10 Things You Never Knew About Seahorses
By Lindsay Aylesworth, Project Seahorse
The day I stepped into my wetsuit, donned my mask, and embarked on my first scuba dive was the day I decided to be a marine biologist. Little did I know that my love of the sea would lead to studying one of the coolest, most charismatic yet cryptic creatures: the seahorse. It all started with an undergrad project where, as luck would have it, I was unknowingly "saddled" with this amazing group of animals, which has now turned into a life-long passion and the subject of my Ph.D research.
Seahorses are caught for the aquarium and traditional medicine trades, but their biology and habitat associations make them susceptible to decline. My research focuses on how seahorses grow and reproduce in areas with and without fishing to ensure seahorse fisheries are sustainable. Seahorses have so many unusual characteristics and behaviors that it’s easy to see why they’re so interesting to study. So for all those ocean enthusiasts and those who are yet to be converted, here are my top ten fun facts about seahorses.
A Longspine seahorse off the coast of South Africa.
How Many Seahorse Species?
There are 47 different species of seahorses and 14 of those were discovered in the last eight years, including Pontoh's pygmy seahorse (Hippocampus pontohi), which was officially named in 2008. Seahorses’ ability to change their color and shape to blend in with their environment makes identification of individual species challenging. Because of this, some researchers previously thought there were as many as 200 seahorse species in the world, while others thought there were as few as 20. However, advances in genetic research are helping to clarify some of the differences between closely related species.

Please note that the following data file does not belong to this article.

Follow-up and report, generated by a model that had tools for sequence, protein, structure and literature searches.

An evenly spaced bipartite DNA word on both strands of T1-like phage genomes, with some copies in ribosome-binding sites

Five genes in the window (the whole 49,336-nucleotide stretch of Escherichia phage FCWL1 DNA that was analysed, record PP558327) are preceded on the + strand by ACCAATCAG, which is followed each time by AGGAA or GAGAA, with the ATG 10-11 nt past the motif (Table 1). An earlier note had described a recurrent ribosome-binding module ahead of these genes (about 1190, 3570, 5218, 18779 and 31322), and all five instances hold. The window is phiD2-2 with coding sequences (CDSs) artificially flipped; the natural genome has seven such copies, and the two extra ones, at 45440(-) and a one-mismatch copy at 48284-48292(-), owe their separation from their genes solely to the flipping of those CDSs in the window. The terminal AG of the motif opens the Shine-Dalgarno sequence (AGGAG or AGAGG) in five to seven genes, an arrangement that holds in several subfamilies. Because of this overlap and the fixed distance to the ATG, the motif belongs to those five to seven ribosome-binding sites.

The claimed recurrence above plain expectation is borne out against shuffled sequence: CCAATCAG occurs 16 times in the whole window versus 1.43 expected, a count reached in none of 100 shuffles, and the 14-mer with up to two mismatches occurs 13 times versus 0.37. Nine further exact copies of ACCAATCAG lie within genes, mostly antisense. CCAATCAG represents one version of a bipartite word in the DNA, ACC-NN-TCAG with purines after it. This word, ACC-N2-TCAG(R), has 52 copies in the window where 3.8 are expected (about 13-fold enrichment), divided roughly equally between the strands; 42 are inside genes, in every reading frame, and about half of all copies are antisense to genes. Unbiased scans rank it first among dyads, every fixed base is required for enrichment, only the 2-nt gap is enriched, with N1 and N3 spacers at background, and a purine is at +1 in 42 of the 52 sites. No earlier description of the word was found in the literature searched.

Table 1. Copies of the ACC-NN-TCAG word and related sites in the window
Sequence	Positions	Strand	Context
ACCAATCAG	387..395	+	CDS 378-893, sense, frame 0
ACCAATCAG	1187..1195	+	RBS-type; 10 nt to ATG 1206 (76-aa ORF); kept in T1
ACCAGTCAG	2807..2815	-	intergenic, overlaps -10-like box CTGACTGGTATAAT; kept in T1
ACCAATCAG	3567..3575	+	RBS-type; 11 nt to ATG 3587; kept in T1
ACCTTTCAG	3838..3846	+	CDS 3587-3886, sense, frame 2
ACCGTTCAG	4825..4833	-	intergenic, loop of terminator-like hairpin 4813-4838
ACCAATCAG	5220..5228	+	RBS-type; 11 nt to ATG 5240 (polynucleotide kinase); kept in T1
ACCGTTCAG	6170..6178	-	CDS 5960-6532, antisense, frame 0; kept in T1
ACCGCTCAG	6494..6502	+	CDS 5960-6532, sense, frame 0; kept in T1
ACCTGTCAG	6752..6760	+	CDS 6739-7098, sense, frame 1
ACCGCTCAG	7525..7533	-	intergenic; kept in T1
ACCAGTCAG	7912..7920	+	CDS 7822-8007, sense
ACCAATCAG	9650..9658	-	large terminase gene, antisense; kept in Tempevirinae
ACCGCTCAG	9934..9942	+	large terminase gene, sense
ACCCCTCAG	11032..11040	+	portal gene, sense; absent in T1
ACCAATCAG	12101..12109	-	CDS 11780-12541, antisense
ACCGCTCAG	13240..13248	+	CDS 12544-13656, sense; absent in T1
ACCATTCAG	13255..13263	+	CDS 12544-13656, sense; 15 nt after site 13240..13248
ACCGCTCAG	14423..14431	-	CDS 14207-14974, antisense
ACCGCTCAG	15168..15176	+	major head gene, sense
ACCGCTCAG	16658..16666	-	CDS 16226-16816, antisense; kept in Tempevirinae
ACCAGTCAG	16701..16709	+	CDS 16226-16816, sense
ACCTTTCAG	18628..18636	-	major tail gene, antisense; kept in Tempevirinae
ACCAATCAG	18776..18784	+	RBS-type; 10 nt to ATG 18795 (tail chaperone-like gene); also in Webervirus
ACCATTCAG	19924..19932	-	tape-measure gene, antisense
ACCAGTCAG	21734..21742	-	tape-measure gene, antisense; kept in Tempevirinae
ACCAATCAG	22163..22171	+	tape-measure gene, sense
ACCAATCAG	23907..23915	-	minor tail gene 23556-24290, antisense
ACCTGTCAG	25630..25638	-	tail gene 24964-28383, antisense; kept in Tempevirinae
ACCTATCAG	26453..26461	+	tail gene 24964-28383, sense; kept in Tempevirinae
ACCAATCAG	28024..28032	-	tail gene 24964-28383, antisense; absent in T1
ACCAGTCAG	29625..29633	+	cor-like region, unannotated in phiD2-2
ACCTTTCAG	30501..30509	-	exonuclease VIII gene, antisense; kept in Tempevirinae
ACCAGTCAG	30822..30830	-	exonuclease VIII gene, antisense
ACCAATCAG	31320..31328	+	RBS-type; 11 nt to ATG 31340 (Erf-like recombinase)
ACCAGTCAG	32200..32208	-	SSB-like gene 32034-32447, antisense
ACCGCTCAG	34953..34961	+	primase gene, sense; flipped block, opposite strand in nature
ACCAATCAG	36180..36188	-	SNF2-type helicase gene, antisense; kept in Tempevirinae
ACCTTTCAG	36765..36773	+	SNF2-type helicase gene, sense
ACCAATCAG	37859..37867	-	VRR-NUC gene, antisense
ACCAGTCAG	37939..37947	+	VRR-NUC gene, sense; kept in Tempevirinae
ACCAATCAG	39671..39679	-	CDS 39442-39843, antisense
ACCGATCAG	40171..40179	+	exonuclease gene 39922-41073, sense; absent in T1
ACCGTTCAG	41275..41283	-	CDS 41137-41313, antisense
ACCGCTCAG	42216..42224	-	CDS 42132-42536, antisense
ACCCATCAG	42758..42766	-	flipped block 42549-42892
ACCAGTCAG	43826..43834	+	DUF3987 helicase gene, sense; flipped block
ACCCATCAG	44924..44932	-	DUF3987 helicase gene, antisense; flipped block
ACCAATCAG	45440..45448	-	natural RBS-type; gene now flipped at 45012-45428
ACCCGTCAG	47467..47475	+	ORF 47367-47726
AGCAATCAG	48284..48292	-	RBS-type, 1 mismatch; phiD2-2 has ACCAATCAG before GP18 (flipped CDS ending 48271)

Patrick Decaluwe / Guylian Seahorses of the World 2010, Courtesy of Project Seahorse.
Can You Spot the Seahorse?
It's a pygmy seahorse (Hippocampus bargibanti), found in Indonesia's biodiverse Coral Triangle and one of the smallest seahorse species in the world! They can change colors like a chameleon to blend into their environment. This helps to protect them from predators and ambush their prey.
Sam Taylor / Guylian Seahorses of the World 2005, courtesy of Project Seahorse
A Foot-Long Seahorse
Seahorses range in size—from as small as a pine nut to as large as a banana. The largest seahorse species (pictured here) is Hippocampus abdominalis, or the big-bellied seahorse, which can reach more than a foot long (35 cm) and lives in the waters off Southern Australia and New Zealand. The smallest seahorse, Satomi's pygmy seahorse (Hippocampus satomiae), which was only described in 2008, is only half an inch long (13 mm)! It lives in the waters of Brunei, Indonesia and Malaysia.
David Maynard / Guylian Seahorses of the World 2005, Courtesy of Project Seahorse
Most wild seahorses (here the thorny seahorse Hippocampus histrix) are monogamous and some species mate for life. Searching for mates can be difficult and risky since seahorses are poor swimmers, found in low densities and rely on camouflage to hide from predators. By remaining faithful to one partner, the pairs have more time to undergo more pregnancies during a single mating season and, ultimately, have greater reproductive success. The pair-bonds of monogamous seahorses are reinforced by daily greetings (see next slide).